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The Alienated

The Alienated


 


 

The Alienated
Mark 5:21-33


21 When Jesus had again crossed over by boat to the other side of the lake, a large crowd gathered around him while he was by the lake. 22 Then one of the synagogue leaders, named Jairus, came, and when he saw Jesus, he fell at his feet. 23 He pleaded earnestly with him, “My little daughter is dying. Please come and put your hands on her so that she will be healed and live.” 24 So Jesus went with him. A large crowd followed and pressed around him. 25 And a woman was there who had been subject to bleeding for twelve years. 26 She had suffered a great deal under the care of many doctors and had spent all she had, yet instead of getting better she grew worse. 27 When she heard about Jesus, she came up behind him in the crowd and touched his cloak, 28 because she thought, “If I just touch his clothes, I will be healed.” 29 Immediately her bleeding stopped and she felt in her body that she was freed from her suffering. 30 At once Jesus realized that power had gone out from him. He turned around in the crowd and asked, “Who touched my clothes?” 31 “You see the people crowding against you,” his disciples answered, “and yet you can ask, ‘Who touched me?’ ” 32 But Jesus kept looking around to see who had done it. 33 Then the woman, knowing what had happened to her, came and fell at his feet and, trembling with fear, told him the whole truth. 34 He said to her, “Daughter, your faith has healed you. Go in peace and be freed from your suffering.”

1. The nature of the problem

At first glance, this woman’s problem seems straight forward- she has a “blood disease” in that she has a condition that causes her to continually bleed. But if we look a little deeper we can deduce all kinds of other problems. For one, there seems to be no cure. She has suffered at the hands of many doctors. For another, according to Jewish Old Testament laws of purity (Leviticus 15), any person with a bodily discard was considered unclean and no one could touch them or be around them. The cultural oral laws that governed people’s obedience to these laws in the first century required them to announce to people that they were unclean when they came around them. Imagine this woman having to walk around her community announcing “unclean!” everywhere she went and you get an idea of how terrible this disease would have been for her. She needed more than physical healing- she needed emotional healing as well.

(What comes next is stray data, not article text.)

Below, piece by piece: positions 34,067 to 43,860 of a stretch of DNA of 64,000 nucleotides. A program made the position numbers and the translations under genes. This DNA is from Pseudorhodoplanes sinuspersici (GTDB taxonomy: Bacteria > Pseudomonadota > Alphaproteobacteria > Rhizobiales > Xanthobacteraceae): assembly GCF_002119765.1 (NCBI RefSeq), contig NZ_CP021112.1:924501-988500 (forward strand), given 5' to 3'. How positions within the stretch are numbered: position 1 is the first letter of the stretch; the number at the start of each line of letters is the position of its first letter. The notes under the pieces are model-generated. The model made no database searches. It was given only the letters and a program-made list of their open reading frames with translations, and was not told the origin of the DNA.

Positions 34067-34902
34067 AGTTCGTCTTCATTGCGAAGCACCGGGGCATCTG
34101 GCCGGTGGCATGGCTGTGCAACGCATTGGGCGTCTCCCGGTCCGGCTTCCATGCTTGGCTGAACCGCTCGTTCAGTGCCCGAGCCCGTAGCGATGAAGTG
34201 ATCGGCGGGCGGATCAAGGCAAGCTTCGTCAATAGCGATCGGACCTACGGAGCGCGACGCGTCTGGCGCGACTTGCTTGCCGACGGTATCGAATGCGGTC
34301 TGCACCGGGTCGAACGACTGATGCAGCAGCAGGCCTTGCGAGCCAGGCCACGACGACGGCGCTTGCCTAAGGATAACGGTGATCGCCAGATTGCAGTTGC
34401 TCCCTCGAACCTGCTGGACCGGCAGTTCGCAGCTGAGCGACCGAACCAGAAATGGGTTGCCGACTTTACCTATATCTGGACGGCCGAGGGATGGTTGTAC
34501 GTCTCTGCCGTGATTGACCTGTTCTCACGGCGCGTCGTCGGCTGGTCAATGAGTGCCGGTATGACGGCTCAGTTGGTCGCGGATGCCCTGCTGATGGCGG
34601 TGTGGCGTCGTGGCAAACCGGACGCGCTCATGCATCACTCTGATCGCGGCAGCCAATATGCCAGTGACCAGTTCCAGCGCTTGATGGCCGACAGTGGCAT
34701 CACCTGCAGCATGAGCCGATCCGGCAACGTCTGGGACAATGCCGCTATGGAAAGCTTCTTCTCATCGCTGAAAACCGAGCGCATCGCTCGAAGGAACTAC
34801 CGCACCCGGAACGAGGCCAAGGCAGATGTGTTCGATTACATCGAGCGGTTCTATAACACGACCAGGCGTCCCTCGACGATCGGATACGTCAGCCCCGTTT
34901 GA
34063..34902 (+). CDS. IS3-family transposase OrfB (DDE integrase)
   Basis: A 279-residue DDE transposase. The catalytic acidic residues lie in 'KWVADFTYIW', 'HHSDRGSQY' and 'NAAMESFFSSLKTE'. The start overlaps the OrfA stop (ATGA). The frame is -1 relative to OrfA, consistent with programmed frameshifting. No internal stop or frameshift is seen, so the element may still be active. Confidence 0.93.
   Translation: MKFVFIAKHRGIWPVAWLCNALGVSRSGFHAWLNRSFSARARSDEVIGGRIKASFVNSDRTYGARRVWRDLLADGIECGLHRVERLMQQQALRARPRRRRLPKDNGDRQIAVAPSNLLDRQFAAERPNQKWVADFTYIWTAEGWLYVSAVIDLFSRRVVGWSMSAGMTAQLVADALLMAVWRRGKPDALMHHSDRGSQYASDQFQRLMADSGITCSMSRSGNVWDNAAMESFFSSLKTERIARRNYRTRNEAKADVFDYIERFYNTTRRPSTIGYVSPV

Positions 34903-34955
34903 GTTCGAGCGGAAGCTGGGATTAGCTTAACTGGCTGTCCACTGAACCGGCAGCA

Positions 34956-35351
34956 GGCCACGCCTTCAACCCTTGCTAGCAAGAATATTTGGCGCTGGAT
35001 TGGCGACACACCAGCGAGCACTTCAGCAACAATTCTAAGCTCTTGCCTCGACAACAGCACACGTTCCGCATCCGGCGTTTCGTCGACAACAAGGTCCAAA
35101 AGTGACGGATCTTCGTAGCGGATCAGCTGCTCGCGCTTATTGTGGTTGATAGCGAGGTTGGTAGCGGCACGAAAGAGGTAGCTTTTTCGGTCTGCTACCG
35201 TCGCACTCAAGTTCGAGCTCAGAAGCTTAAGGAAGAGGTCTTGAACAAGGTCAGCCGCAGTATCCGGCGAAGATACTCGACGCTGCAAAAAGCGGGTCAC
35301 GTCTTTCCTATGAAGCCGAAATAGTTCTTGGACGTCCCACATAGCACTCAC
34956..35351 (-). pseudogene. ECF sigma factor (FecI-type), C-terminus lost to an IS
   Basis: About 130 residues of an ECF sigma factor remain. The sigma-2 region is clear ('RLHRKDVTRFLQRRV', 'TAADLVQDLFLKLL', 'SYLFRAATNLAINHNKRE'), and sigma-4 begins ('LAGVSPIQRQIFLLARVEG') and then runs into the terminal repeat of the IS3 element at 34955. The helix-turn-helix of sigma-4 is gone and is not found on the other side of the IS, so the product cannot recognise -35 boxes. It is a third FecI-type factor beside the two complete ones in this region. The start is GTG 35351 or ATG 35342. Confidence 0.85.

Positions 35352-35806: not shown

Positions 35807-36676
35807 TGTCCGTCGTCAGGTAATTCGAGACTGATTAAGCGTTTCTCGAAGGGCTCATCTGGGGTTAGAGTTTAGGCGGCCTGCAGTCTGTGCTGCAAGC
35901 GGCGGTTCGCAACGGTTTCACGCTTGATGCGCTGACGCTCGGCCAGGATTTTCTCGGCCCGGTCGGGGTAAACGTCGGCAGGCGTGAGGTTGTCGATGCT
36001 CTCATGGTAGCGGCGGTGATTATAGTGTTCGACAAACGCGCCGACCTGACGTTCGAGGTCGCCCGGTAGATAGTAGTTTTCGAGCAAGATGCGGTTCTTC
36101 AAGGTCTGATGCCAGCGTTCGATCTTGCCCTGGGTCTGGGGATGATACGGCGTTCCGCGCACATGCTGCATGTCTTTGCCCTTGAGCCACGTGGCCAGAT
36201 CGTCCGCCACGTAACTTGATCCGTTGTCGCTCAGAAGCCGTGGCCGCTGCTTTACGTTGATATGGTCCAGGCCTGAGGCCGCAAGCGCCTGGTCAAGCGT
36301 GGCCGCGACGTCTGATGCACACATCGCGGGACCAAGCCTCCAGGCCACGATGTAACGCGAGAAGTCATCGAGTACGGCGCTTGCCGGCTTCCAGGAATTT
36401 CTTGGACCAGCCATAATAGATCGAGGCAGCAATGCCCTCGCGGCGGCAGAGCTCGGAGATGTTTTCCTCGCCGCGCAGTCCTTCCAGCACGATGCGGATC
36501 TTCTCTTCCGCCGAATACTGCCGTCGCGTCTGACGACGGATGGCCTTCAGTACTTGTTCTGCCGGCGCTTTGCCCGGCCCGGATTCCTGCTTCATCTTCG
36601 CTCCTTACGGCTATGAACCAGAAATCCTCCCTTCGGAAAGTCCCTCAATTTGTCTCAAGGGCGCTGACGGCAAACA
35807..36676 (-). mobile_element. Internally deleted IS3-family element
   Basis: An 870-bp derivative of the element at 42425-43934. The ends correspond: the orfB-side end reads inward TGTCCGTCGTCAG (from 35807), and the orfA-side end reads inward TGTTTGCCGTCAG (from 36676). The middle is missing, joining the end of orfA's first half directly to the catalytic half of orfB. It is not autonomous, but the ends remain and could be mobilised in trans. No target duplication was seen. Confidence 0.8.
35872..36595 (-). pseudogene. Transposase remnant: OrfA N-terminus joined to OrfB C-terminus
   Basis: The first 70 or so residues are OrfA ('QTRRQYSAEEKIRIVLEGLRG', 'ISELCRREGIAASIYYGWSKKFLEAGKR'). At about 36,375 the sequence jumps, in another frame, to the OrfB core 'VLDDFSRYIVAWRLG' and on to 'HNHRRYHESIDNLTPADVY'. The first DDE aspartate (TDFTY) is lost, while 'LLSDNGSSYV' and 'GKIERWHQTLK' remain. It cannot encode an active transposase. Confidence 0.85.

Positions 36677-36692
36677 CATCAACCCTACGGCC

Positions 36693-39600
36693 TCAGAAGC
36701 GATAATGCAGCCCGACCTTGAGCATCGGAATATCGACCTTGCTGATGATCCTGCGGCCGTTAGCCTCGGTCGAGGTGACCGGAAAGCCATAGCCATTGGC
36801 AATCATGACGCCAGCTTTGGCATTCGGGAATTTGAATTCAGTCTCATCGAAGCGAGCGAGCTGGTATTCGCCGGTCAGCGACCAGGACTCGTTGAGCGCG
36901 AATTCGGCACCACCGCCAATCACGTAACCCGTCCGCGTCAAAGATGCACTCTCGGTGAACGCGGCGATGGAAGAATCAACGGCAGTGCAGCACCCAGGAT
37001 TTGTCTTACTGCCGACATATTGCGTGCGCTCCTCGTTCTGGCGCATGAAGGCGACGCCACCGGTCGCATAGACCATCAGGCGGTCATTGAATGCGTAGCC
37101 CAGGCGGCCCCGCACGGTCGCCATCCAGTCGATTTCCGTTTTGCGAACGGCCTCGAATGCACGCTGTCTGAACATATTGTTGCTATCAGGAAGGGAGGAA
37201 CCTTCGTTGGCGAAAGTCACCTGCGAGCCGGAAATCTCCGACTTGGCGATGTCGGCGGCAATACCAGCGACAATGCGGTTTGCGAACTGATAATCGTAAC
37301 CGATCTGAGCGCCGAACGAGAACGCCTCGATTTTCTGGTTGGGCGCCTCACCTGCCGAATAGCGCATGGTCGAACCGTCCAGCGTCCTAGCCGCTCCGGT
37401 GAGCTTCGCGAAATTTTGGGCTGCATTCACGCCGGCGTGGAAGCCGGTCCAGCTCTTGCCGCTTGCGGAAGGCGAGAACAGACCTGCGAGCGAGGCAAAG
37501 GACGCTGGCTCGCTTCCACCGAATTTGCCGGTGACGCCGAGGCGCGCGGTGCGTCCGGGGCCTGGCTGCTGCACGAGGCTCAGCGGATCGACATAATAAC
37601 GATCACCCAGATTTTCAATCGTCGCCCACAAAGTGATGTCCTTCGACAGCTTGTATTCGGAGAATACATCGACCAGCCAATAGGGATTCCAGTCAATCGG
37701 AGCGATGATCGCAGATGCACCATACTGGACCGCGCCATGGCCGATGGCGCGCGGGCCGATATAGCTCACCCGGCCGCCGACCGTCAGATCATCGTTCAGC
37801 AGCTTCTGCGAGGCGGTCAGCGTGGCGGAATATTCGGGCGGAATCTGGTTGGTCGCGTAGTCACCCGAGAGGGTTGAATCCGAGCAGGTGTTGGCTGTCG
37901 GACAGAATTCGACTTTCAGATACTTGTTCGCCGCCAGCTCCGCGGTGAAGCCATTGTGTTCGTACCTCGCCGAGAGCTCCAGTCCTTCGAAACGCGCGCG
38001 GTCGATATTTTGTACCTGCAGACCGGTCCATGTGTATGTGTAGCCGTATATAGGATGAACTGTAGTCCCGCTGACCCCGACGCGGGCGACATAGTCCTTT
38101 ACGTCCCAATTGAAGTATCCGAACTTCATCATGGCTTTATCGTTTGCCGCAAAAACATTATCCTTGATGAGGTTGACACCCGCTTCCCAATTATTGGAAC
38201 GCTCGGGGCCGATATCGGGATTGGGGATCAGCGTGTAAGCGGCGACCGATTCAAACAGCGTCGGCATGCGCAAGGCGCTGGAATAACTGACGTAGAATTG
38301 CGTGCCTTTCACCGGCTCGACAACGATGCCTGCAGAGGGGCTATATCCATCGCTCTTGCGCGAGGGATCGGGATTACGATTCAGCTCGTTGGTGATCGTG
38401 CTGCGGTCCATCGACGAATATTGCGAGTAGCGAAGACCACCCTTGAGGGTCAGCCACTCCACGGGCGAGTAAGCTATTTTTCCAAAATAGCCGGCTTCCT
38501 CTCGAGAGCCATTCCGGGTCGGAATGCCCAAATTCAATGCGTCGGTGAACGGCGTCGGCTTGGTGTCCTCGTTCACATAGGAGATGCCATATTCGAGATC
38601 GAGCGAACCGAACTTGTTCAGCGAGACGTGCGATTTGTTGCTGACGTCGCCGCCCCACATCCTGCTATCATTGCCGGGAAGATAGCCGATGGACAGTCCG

2. The willingness to pause

The second thing to see in this passage is Jesus’ willingness to stop the crowd and to find out who touched him. They were in a great hurry- Jairus’ daughter was sick and dying and time was of the essence, and yet Jesus stopped the crowd. Jesus knew that something had to be tended to that was more urgent than getting to Jairus’ house. In our own situation, it is important to have the sensitivity to stop our busyness in order to tend to those things that have more eternal significance.

3. The depth of the healing

Finally we should notice the depth of this woman's healing. Not only was she healed physically but we can also concur that she was healed emotionally and spiritually as well. Jesus looked at her and called her “daughter”. I would imagine those words had incredible spiritual significance to her. Of all the experiences you and I could have in life, none could be more significant than for Jesus to look at us and say “daughter” or “son”! She was spiritually healed. But she was also emotionally healed. When Jesus announced to the crowd that this woman had been healed he was announcing to them that she no longer had a blood disease that made her unclean. He was in other words confirming her social acceptance back into the community within which she belonged . Jesus restores us spiritually but he also invites us into significant community that our hearts long for.

This story teaches us many significant things about our witness to others:

  • We can become so busy with the urgent that we ignore the more significant eternal and substantive events of life.
  • All of our suffering has purpose. God can turn our deepest pain into significant healing and then will use us to reach others for Him. God never wastes a pain. “He reconciles you to Himself and then gives you a ministry of reconciliation.”
  • There are people in your life right now that need physical, emotional and spiritual healing and God wants to use you to touch them.
Discussion Questions:

  1. What do you think this woman was suffering besides physical disease?
  2. How does a story about a woman who has a physical condition that can’t be healed by many doctors resonate with you personally? Can you think of emotions she must have felt that are not addressed in this story?
  3. What does it say about this woman’s faith that she was so determined just to touch Jesus?
  4. Why do you believe Jesus stopped the crowd?
  5. What did Jesus do that helped heal this woman emotionally? What does this say about our need for ministering to people’s emotional needs?k
  6. Why was it important that this woman be reconciled to her community?
  7. What does this story teach us about our personal witness?



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